Good morning! Well, this week my daughter started back to school. Wow. Where in the world did the Summer go? This is her junior year...her JUNIOR year! It really hit me the other day. We don't have that much more time left with her! Alison is such and AMAZING person and we (DH & I) have a great relationship with her. I totally love that girl young woman!
This year is quite different than the other years. Not only is she a junior, but she is starting school knowing that she has a HUGE fight ahead (more on that below). I whipped up this card over the weekend for her. I used my Silhouette Cameo to cut out he bird and branch (it's a file from Echo Park). Ali loves birds of all kinds...whimsical birds, realistic birds, majestic birds...if it's a bird, she loves it! :-) I thought a long time on what I wanted this card to say. I mean, "normal" sentiments didn't feel right. With what lies ahead for her, wishing her a great year just didn't seem right. Don't get me wrong, I sincerely hope and pray (literally...pray often) that she will indeed have a great year, but I didn't want it to sound like a platitude. Instead, I chose the Just a Note sentiment (from the Sentiment Sampler by Paper Smooches). For a little extra texture, I ran the bird through my Cuttlebug using the Swiss Dots embossing folder. A polka dot bird. Teeheee!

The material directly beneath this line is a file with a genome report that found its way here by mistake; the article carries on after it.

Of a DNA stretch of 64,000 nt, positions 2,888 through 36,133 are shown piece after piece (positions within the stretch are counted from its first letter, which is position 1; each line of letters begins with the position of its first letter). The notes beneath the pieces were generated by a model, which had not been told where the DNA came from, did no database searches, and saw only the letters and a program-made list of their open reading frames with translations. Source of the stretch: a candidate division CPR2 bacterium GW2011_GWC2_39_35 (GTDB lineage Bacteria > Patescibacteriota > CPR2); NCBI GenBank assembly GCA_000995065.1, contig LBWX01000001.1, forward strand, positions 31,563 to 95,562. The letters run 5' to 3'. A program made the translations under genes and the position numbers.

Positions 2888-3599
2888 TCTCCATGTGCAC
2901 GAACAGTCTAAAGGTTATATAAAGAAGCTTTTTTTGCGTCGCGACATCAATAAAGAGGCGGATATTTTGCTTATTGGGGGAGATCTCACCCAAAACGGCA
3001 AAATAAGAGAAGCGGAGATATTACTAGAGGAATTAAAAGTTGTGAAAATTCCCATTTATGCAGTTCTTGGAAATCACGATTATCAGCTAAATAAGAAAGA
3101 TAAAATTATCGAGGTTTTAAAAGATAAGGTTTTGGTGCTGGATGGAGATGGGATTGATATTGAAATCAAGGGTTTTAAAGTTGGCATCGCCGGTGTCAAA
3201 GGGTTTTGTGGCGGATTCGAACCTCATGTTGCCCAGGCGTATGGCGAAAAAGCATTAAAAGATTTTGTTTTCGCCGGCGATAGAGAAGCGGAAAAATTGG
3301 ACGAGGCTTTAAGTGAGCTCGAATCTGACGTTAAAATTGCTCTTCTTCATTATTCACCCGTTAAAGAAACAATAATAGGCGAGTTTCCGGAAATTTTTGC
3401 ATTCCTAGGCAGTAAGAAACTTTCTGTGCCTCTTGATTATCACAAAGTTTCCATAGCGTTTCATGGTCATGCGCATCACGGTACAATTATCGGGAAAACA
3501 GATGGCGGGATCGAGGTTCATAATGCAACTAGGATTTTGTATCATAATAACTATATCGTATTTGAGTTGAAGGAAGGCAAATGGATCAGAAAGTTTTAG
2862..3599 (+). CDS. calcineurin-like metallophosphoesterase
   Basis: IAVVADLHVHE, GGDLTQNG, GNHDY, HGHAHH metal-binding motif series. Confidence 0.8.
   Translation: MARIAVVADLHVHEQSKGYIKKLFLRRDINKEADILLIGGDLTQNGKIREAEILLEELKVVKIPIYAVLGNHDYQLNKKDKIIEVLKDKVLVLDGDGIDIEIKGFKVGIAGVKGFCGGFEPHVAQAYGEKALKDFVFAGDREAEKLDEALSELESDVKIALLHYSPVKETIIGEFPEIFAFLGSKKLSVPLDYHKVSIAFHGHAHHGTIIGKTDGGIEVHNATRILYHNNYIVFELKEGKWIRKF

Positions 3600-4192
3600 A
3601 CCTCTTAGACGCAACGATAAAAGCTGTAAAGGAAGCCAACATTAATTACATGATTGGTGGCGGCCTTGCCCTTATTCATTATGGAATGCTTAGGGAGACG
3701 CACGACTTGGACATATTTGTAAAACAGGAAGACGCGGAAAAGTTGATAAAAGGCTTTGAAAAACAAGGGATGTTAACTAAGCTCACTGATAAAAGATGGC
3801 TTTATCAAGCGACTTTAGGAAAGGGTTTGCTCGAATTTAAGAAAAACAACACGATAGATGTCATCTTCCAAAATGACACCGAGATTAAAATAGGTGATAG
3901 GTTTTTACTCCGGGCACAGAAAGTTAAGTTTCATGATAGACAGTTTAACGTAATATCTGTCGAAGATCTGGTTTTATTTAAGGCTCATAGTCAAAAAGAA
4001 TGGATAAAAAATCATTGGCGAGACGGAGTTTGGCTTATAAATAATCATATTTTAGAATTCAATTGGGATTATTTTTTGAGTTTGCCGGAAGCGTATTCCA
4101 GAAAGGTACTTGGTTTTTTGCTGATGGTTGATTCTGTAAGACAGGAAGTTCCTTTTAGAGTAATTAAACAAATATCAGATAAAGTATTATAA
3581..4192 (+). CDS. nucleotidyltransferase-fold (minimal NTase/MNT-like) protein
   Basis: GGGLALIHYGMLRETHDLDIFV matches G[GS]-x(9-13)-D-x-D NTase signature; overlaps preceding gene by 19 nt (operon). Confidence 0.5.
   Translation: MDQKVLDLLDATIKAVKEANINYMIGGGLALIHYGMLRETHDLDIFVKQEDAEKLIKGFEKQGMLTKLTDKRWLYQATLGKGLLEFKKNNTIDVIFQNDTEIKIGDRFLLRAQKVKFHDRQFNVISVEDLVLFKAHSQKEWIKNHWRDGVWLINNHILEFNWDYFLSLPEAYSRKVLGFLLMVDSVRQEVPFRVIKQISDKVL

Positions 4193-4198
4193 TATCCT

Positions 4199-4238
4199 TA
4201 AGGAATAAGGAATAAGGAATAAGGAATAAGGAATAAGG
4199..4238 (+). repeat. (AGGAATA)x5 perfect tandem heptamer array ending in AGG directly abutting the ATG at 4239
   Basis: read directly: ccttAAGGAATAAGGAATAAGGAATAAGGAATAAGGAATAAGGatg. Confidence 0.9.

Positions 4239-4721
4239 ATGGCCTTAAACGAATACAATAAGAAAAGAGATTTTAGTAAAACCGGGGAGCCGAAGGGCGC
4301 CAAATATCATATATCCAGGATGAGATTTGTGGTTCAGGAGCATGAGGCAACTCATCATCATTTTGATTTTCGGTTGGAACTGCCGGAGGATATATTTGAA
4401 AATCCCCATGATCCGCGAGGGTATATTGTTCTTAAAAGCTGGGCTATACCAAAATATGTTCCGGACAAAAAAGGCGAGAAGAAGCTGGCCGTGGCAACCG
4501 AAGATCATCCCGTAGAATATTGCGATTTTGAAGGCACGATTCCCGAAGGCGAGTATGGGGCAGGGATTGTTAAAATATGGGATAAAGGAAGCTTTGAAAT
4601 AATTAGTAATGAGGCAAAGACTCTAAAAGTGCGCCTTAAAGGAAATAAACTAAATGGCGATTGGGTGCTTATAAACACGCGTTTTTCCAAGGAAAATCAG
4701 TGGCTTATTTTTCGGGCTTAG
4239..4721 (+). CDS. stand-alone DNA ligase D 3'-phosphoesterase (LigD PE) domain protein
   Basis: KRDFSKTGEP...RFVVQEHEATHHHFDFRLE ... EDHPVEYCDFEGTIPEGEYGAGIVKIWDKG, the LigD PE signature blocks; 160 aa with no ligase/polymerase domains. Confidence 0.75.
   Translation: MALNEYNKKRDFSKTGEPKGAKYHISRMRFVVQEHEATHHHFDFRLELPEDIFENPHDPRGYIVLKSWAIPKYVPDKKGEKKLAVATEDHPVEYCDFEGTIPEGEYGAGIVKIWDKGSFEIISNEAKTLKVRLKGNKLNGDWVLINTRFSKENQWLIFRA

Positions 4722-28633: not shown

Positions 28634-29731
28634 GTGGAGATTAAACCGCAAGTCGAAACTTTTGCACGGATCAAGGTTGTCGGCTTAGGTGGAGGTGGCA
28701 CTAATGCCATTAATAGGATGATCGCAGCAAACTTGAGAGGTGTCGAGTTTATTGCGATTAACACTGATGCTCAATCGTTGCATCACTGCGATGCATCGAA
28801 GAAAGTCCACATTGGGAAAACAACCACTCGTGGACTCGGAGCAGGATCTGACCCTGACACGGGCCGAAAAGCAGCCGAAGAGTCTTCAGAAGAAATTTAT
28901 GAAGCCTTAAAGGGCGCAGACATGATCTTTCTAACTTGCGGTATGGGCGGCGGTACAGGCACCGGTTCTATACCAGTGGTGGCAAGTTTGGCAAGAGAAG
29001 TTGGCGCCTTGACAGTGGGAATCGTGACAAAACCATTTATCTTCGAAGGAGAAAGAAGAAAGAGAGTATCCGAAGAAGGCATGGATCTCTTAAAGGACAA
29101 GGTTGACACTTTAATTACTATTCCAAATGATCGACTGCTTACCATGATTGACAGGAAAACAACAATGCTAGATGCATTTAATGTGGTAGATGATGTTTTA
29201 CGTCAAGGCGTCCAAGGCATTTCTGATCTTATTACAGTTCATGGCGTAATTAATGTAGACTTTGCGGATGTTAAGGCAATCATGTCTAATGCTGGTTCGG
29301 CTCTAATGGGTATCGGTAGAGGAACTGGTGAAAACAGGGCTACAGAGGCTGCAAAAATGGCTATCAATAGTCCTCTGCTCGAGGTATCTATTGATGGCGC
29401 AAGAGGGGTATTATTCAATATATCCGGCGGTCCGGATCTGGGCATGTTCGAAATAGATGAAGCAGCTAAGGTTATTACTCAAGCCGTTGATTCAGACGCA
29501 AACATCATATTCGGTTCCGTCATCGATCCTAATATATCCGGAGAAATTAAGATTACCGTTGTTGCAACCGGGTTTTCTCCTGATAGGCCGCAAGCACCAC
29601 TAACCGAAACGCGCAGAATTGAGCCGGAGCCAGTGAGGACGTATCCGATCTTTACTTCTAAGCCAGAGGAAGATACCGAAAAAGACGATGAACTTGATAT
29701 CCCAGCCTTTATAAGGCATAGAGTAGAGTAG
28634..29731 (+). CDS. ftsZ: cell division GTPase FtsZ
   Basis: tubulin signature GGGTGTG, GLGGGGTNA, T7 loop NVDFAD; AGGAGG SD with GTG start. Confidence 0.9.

So, here's the photo I took this morning of her. Isn't she SO beautiful? I cannot even tell you how proud I am of her...words just fail me.
We finally heard back from Alison's neurosurgeon at Seattle Children's. They took so long because they met several times to discuss her case. As it stands now, the medication (two anti-seizure meds) seem to be holding them off for a week to two weeks, then she has break through seizures. Not only that, but the medicine is starting to become toxic to her (Dr.'s words...not mine). The bad news is that the scar tissue is located extremely close to the part that controls the left side movement. What they (and we) have decided is that they will do two surgeries. For the first one, they will put electrodes all around the area causing trouble. He described it as "brain mapping". Then, three days later, they will go in and remove as much as they can making sure to stay away from the movement parts as best they can. So, in a nutshell, she will be having two major surgeries with some definite risks. There is a 67% chance that the surgery will be successful (no more seizures). Those are not as great of odds and I would have liked, but it looks a lot better than the alternative (continuing break through seizures and toxic medicine). All of this will take place in a couple of weeks.
If all things go VERY well, she will be able to return to school after 5 weeks. Trying to make up that much work after having brain surgery will be hard to say the least. We're not sure what will happen, but have decided that we will make decisions as we need to. Since she has already gone through brain surgery once...we definitely don't have rose colored glasses on...we know what it's like. We know how long therapy and recovery takes. Having said that, we are SO incredibly grateful to have an opportunity to fix this for her...AND having one of the best surgeons out there today!
Thanks so much for "listening"! I have found that talking/writing about it really helps me process everything.